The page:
Together since 2008, Adam Jones and Nick Markakis lead Orioles into playoffs

Outfield fixtures with different personalities are the club's heart and soul

(Karl Merton Ferron, Baltimore…)
September 30, 2014|By Dan Connolly | The Baltimore Sun

Orioles center fielder Adam Jones glides through the home clubhouse in a T-shirt and basketball shorts, razzing everyone he passes with a bellowing voice and an even louder cackle.

On the other side of the room is right fielder Nick Markakis, sitting quietly at his locker, rarely looking up. Markakis' choice of nonbaseball duds is often tan and green camouflage. Earlier this season Markakis walked into Camden Yards in head-to-toe camo, looking as if he had just vacated a tree stand in the woods.

When he removed his pullover to reveal a black T-shirt underneath, reliever Ryan Webb immediately quipped, “Hey, Nick, when did you get here?” His teammates broke up laughing.

It's a typical pregame scene at Camden Yards: Jones is center stage; Markakis, the woodwork. But when the two take the field together — as they have on most summer days for the past seven seasons — they become unified partners for one purpose: capturing the Orioles' first World Series title in 31 years.

“They probably could not have two different personalities as far as how they deal with day-to-day life, how they deal with the media, how they deal with everything,” said catcher Matt Wieters, who has been teammates with both since 2009. “But when it comes down to a baseball game, those guys are doing everything they can to be a good baseball player. Off the field, they have different interests, different things they like to do. But on the field, they both have one supreme goal, which you can really see when they are out there.”

The Orioles, winners of the American League East crown, begin their pursuit of an elusive championship Thursday at Camden Yards against the AL Central-winning Detroit Tigers in the AL Division Series.

They've gotten to this point by hitting more home runs than any other major league club, with slugger Nelson Cruz leading the way with a majors-best 40. They've also gotten this far thanks to a surprisingly stingy pitching staff that posted the third-best ERA in the AL. Their starting pitching has been consistently good, their bullpen has been outstanding, and they finished tied for third in the AL in errors committed.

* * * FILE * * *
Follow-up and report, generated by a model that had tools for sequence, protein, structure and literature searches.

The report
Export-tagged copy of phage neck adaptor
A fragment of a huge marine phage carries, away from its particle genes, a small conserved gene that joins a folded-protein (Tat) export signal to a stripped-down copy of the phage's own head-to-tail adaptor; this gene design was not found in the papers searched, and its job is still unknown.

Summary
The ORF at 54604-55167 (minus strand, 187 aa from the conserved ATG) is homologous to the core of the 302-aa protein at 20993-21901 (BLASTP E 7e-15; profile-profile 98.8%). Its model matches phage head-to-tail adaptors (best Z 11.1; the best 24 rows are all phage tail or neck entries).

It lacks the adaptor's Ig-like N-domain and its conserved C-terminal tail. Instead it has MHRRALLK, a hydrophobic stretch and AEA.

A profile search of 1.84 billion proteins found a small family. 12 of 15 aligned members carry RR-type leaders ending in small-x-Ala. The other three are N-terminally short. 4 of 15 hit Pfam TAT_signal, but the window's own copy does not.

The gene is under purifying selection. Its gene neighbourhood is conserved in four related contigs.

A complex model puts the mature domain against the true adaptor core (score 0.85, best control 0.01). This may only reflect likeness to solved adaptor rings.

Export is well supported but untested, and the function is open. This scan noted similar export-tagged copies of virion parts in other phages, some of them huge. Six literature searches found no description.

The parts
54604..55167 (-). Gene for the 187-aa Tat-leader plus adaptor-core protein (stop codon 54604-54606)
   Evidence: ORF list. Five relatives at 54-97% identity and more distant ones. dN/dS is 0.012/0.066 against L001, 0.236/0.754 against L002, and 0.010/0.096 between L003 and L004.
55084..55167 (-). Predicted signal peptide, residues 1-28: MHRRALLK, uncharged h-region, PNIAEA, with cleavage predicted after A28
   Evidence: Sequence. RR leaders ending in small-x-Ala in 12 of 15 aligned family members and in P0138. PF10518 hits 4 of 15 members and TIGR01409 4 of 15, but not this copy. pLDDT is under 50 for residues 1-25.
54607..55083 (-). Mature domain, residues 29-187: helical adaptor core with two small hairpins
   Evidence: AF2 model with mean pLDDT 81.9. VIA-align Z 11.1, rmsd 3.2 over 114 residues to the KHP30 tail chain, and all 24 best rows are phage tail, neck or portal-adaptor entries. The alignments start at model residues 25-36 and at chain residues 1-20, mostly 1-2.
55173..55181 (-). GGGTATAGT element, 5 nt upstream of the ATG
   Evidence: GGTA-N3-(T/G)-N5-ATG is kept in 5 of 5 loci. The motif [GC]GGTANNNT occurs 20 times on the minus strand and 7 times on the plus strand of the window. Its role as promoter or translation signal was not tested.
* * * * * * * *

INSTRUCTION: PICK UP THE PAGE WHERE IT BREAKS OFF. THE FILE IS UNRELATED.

Simply put, the Orioles are division winners for the first time in 17 years because they've had a concerted team effort for a full season. Markakis and Jones receive much of the credit for setting that tone.

“These two are the leaders. It doesn't matter the situation they are in, they always feel for the team,” said Cruz, who is in his first year with the Orioles. “They are true athletes. True players who love the game. And the way they go about their business is really like nobody else.”

No days off

Jones, Markakis and Cruz are the only Orioles to play at least 150 games this season. Jones has played in 149 or more in each of his past five seasons; Markakis has logged 147 or more games in eight of nine, including five years with 160 or more.

“We battle every day together. We don't take any days off. We've played together more than anybody else on this team. I don't know, we've just been together,” Markakis said. “We have been through a lot of tough times here, and now we're enjoying the good times.”

In the previous 16 seasons, the Orioles made the playoffs just once, in 2012. In September of that year, Markakis broke his thumb when he was struck by a fastball from the New York Yankees' CC Sabathia. It cost him the rest of the season and his only other shot at the postseason. That's not lost on his teammates.

“I know everything about that. And I couldn't be happier for him,” said Cruz, who has played in two World Series. “I cannot be more excited about one player in particular in the playoffs than Markakis.”

As the likelihood increased that the Orioles were going to reach the postseason, Markakis tried to downplay his individual storyline, simply saying, “It's what you work for, it's what you prepare for in the offseason and through the course of a season. … You want to play in October.”

In early September, Jones started teasing Markakis for being “in shock” that the playoffs were on the horizon. When they clinched the division Sept. 16 at Camden Yards, Jones, who has been smashing pies into the faces of the club's players of the game for several seasons, grabbed a cream pie and beelined for Markakis.

Markakis, who was holding his youngest son in his left arm, barely reacted when Jones shoved the dessert into his face. Markakis stood there for a moment as if nothing had happened, and then swiped his right index finger across his cheek and put it to his little boy's lips so he could taste the treat. You could almost make out a huge smile on Markakis' face underneath the layer of cream and crumbs.

Baltimore Sun Articles
|
|
|
Please note the green-lined linked article text has been applied commercially without any involvement from our newsroom editors, reporters or any other editorial staff.